Section 2(b) provides that one who willfully "causes" an act to be done that would be an offense if done by him is "punishable as a principal." 18 U.S.C. Sec. 2(b). See United States v. Gleason, 616 F.2d 2, 20 (2d Cir.1979), cert. denied, 444 U.S. 1082, 100 S.Ct. 1037, 62 L.Ed.2d 767 (1980). Batton is thus as liable for the importation as she would have been if she had physically carried the heroin from Thailand to New York. Though appellant characterizes her liability as resting on a "legal artifice," Brief for Appellant at 25, there is nothing artificial about it. She acted in a deliberate way to accomplish the act of importation. The fact that the undercover agent was willing to be used as the instrument of her criminal activity, in order to apprehend her and her confederates, does not detract in any way from her criminal responsibility. She is as liable for the offense of importation as she would be if she had surreptitiously slipped the heroin into the handbag of an unsuspecting passenger. Since the law quite properly recognizes her liability for the offense of importation, which Jordan does not challenge, we see no reason why he should not be equally responsible for aiding and abetting her in the commission of the offense. "Causation" is not some attenuated relationship between offender and offense. The "causer" is punishable as a principal for willful action that brings about an offense. Those who aid and abet the "causer" cannot expect insulation from criminal responsibility.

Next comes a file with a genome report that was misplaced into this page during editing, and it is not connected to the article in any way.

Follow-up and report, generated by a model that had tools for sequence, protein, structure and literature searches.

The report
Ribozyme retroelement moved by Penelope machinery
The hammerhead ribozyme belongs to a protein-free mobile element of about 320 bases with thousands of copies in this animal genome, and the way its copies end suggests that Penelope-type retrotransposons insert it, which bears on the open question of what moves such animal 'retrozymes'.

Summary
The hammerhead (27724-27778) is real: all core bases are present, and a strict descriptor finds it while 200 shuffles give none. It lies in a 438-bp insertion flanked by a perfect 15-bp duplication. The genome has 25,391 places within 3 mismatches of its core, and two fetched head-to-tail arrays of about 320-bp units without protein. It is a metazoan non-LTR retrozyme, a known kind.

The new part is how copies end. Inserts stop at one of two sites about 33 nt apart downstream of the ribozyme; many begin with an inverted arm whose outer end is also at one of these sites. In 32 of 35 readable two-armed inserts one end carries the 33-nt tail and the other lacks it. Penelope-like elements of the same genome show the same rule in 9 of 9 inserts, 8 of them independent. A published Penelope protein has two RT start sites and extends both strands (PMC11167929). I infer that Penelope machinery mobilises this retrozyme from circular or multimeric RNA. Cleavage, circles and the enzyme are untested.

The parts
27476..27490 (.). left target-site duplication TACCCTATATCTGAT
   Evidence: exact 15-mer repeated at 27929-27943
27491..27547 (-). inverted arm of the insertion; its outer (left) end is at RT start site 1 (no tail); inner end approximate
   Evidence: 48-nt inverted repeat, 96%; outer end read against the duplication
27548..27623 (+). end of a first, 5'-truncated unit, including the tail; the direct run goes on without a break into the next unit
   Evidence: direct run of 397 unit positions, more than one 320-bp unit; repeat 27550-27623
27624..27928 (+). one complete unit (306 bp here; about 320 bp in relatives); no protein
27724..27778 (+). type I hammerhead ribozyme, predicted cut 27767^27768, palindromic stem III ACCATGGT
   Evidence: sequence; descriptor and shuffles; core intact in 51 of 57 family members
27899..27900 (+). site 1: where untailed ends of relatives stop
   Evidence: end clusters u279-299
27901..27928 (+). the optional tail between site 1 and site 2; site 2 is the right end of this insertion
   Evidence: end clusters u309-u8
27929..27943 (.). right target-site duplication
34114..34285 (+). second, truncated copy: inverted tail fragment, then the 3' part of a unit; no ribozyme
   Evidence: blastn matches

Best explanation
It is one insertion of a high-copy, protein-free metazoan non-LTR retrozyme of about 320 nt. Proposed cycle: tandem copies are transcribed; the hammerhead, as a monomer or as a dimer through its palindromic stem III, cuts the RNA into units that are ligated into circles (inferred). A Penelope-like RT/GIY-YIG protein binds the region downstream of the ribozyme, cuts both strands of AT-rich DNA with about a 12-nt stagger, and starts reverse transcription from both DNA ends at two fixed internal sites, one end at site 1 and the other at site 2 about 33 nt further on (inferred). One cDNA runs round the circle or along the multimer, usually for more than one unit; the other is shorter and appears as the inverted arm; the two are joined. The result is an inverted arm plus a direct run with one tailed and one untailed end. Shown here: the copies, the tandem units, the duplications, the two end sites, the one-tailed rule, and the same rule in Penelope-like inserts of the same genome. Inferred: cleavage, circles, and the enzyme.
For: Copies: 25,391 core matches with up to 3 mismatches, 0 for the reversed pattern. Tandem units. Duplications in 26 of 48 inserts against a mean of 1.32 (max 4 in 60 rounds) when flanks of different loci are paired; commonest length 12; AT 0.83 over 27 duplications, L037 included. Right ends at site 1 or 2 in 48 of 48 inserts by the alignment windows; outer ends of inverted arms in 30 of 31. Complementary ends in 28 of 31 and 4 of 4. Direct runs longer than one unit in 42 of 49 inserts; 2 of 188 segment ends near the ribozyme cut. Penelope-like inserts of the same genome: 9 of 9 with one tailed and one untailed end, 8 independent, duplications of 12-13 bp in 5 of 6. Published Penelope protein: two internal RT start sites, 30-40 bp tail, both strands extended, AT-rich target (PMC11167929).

The absence of any prior decision squarely rejecting a claim that a "causer" may not be the principal of one who aids and abets indicates only that the claim has been thought too insubstantial to advance, not that it has any force. A defendant's liability for aiding and abetting a "causer" was upheld by the Supreme Court in Pereira v. United States, 347 U.S. 1, 74 S.Ct. 358, 98 L.Ed. 435 (1954), though the claim now advanced by Jordan was apparently not raised. In that case, Pereira was liable for having caused the substantive offenses of mail fraud and transportation of stolen property, 18 U.S.C. Secs. 1341, 2314 (1948 Supp. V). 347 U.S. at 8-9, 74 S.Ct. at 362-363. A co-defendant, Brading, was convicted on the theory that he aided and abetted Pereira. Id. at 9-10, 74 S.Ct. at 363-364. The Supreme Court upheld Brading's convictions, finding the evidence sufficient to support the jury's findings that Pereira caused the offenses to occur and that Brading aided and abetted him. The legal adequacy of the relationship between the aider and abetter and the "causer" was apparently not deemed sufficiently troublesome to merit explicit comment. The three dissenters thought the evidence was insufficient to show that Brading could reasonably foresee that Pereira would cause the pertinent checks to be placed in the mails or to be sent across state lines, but expressed no reservation about the criminal liability of a defendant for aiding and abetting a "causer." See id. at 13-16, 74 S.Ct. at 365-367 (Minton, J., with whom Black and Douglas, JJ., join, dissenting in part). In the pending case, there is no doubt that the evidence permitted the jury to find that Jordan was aware that Batton would cause the heroin to be imported into the United States. He advanced her the money for that precise purpose.